Appalachians). Fir might have been able to find refuge on the higher 
summit of Mount Rogers during the xerothermic period. 



96 



pr«-X«rOth«rm«c 



Mount 

Rogtri 



1 700m. . 



Whifetop 



1500irT: 



1300m. 




X«roth«rmic 



1500m. 



1300m. 



1500m_T* 



Mount 
Rogers 



1700m. ) V . h _ i _ ,, _ , .°f. 




1700m. l V . h . i . ,, . , _°_ p . 



1300m.. 



1353 



Figure 3. Presumed changes in the distribution of subalpine forests 
on Whitetop and Mount Rogers caused by climatic conditions 
of the post-Wisconsin xerothermic (or hypsithermic) period 
about 4,000 years ago. Single diagonal lines delimit the 
distribution of spruce forests while cross-hatching 
reresents the distribution of spruce-fir forests. 



97 



Then, when global temperatures again began cooling, fir must have 
extended its range down the slopes of Mount Rogers to its present 
position (182 m lower than the height of Whitetop's summit). It 
appears that fir has been unable to reoccupy the highest elevations of 
Whitetop Mountain, where climatic conditions seem suitable for its 
establishment, because it could not cross the fairly low elevation gap 
(elevation=1347 m) separating Whitetop from Mount Rogers. A similar 
scenario was hypothesized by Whittaker (1956) as having possibly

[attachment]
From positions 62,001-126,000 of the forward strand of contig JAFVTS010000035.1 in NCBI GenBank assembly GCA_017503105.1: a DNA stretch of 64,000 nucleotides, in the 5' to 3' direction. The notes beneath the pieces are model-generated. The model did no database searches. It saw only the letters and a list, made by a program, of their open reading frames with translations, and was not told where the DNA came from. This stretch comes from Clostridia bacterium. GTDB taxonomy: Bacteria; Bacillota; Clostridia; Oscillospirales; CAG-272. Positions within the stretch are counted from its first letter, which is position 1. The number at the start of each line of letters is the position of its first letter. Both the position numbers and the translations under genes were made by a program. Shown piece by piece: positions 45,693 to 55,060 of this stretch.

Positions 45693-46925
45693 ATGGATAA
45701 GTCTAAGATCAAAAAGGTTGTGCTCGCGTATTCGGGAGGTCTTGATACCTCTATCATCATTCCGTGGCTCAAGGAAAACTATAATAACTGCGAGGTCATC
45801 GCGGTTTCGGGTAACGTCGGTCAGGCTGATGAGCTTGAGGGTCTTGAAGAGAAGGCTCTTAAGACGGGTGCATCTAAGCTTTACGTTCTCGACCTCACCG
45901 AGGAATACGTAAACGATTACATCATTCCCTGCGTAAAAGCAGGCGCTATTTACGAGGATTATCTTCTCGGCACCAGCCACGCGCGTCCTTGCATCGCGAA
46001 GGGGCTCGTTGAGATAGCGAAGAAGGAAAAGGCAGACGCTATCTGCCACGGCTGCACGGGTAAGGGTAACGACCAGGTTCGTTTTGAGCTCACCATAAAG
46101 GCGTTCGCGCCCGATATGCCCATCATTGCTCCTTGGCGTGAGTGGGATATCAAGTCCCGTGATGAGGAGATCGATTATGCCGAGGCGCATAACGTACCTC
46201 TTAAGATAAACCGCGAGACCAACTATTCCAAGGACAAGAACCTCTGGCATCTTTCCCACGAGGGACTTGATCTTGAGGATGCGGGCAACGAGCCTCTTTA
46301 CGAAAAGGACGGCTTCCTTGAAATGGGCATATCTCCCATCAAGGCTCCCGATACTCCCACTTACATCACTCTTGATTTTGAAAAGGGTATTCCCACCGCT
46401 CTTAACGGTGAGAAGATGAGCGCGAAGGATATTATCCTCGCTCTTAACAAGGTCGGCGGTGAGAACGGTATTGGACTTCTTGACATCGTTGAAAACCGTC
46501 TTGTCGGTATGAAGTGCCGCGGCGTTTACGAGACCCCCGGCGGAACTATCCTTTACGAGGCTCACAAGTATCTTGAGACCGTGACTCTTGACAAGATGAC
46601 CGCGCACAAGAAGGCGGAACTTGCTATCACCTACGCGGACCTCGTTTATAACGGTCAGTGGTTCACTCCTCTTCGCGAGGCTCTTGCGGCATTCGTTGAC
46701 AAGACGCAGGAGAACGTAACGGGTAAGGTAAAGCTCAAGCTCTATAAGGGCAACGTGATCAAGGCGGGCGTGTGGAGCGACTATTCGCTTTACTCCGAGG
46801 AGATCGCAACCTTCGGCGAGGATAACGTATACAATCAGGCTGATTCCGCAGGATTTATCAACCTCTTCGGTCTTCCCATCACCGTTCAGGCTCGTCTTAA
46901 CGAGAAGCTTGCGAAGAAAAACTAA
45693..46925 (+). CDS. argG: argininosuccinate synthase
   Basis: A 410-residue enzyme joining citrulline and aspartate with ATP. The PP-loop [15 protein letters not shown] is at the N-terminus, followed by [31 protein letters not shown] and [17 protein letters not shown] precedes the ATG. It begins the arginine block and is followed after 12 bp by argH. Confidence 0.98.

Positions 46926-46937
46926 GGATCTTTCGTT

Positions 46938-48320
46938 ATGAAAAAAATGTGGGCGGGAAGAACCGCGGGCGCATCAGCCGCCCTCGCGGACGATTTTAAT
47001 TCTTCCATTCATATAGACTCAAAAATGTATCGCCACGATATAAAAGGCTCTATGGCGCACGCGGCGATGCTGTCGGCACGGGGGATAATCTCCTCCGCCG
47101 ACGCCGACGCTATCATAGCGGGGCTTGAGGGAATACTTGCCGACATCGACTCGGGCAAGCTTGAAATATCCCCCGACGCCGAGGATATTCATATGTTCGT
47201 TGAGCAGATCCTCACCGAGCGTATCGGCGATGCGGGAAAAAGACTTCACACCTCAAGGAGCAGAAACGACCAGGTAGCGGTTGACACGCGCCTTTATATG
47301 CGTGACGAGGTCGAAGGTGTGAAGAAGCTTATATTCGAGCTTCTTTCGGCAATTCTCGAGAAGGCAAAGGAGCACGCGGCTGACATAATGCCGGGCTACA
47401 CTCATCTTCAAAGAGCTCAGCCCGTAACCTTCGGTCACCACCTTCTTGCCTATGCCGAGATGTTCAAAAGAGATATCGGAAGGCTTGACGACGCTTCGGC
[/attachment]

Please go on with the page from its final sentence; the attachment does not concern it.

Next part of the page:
occurred in the Great Smokies with respect to both spruce and fir 
versus hardwoods on peaks. 

Subalpine spruce forests on Whitetop are compositional ly similar 
to other forests in the southern Appalachians which were spruce-fir 
forests prior to Balsam wooly aphid-infestation. The primary 

difference between Whitetop's subalpine forests and the others is that 
Whitetop's forests have had more time (about 4,000 yrs.) to reach 
equilibrium. Thus, the subalpine forests of Whitetop may represent the 
future structure of spruce-fir forests in the southern Appalachians 
after recovery from aphid destruction. 

Mount Rogers appears to be unique in that its Fraser firs are able 
to tolerate aphid stress. Perhaps as was during the xerothermic 
period, when the fir population was very low (founder population) that 
an ability to withstand aphid-induced stress became fixed in the 
population- It might therefore be prudent to determine whether or not